Travel - What to bring
WHAT TO PACK - Clothing:Bring casual and practical attire for your trip that can be worn in layers, including:
- TOP LAYERS:
- Parka/Coat: Light-Mid Weight, waterproof/breathable shell jacket (roomy enough for a fleece mid-layer)
- Fleece Jacket: 200-weight fleece or performance mid-layer for the colder days
- Baselayer Top: Merino wool, silk, or polypropylene underwear is highly recommended
- Tops - Other: Comfortable cotton or similar for general everyday use on board and while in transit
- Shell Pants: Light-Mid Weight waterproof/breathable shell pants (roomy enough for a base-mid layer)
- Mid-Layer Bottom: 100-200 weight fleece or performance layer
- Baselayer Bottom: Merino wool, silk, or polypropylene "long-johns"
- Bottoms - Other: Casual pants or jeans for general everyday use on board and while in transit
- 2 Hats: One warm hat that covers your ears, and one thinner liner-cap for warmer days
- Mittens and Gloves: Thin liner gloves under warm mittens works best. Bring extras
- Stockings: Merino wool works great! 3-4 pair of mid-weight tall socks. High enough to avoid chaffing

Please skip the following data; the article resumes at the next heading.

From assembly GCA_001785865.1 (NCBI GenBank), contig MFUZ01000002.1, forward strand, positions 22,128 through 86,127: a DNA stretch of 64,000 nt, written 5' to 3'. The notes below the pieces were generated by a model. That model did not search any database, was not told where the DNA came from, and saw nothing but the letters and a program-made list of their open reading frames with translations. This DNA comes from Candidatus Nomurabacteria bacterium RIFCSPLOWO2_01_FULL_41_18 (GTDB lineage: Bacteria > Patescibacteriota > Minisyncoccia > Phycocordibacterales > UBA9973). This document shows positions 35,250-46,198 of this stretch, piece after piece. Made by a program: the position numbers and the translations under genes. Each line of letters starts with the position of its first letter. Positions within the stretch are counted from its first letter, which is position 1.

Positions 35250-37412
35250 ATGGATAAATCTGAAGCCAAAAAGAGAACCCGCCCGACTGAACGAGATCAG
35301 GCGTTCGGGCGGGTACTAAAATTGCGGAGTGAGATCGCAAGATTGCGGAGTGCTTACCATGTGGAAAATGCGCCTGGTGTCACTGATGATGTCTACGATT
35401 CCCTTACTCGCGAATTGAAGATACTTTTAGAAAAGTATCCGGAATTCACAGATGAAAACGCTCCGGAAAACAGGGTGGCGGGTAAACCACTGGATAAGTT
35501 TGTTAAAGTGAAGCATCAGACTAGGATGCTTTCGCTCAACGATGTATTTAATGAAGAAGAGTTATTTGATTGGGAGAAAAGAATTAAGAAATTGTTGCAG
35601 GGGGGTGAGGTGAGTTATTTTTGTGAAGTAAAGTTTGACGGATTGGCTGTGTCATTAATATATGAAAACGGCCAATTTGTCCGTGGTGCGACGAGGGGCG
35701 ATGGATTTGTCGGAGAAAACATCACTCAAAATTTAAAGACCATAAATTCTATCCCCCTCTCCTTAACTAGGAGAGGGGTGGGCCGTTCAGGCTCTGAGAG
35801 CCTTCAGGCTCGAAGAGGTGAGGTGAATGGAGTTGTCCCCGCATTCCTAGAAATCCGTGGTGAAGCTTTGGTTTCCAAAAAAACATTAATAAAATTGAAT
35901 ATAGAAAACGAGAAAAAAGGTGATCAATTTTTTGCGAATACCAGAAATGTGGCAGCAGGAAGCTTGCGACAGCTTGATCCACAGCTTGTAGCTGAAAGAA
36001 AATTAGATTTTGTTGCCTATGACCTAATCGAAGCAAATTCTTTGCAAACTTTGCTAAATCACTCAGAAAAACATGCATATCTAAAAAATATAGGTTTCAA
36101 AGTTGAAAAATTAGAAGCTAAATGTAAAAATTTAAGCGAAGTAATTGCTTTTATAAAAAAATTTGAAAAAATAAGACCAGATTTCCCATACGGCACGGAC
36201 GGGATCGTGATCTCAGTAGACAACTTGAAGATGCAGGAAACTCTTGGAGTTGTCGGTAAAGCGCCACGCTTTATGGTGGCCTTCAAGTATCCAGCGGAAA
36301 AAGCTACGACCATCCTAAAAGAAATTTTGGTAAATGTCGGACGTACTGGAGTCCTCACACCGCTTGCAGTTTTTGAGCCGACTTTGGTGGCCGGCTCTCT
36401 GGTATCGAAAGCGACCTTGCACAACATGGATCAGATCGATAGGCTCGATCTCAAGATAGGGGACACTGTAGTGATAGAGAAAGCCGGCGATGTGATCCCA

- Boots: Mid-height waterproof, insulated boots, such as Bogs
HEAD, HANDS, & FEET:
ACCESSORIES & GEAR:There are a few "must have" items when traveling to Antarctica. Such as:
- TRAVEL GEAR:
- Bathing Suit: Some trips offer a "cool dip" option, some have pools
- Sunscreen/Lipbalm: Antarctica is the driest and sunniest continent on earth
- Motion Medication: Across the Drake Passage can be "bumpy"
- Day/Back Pack: Sturdy day-pack for extra clothes, camera, water, etc.
- Sunglasses: All that snow is extremely bright. UV protected is a must
- Camera: With lots of batteries, extra storage, consider a backup camera
- Binoculars: You may not get close enough to pet the wildlife
- Wildlife Guide: To identify all the wildlife you'll see
- Dress Clothes: While in transit, also some cruises offer a "formal dinner night"
- Zip-Lock Style Plastic Bags: For anything you just can't get wet but want ashore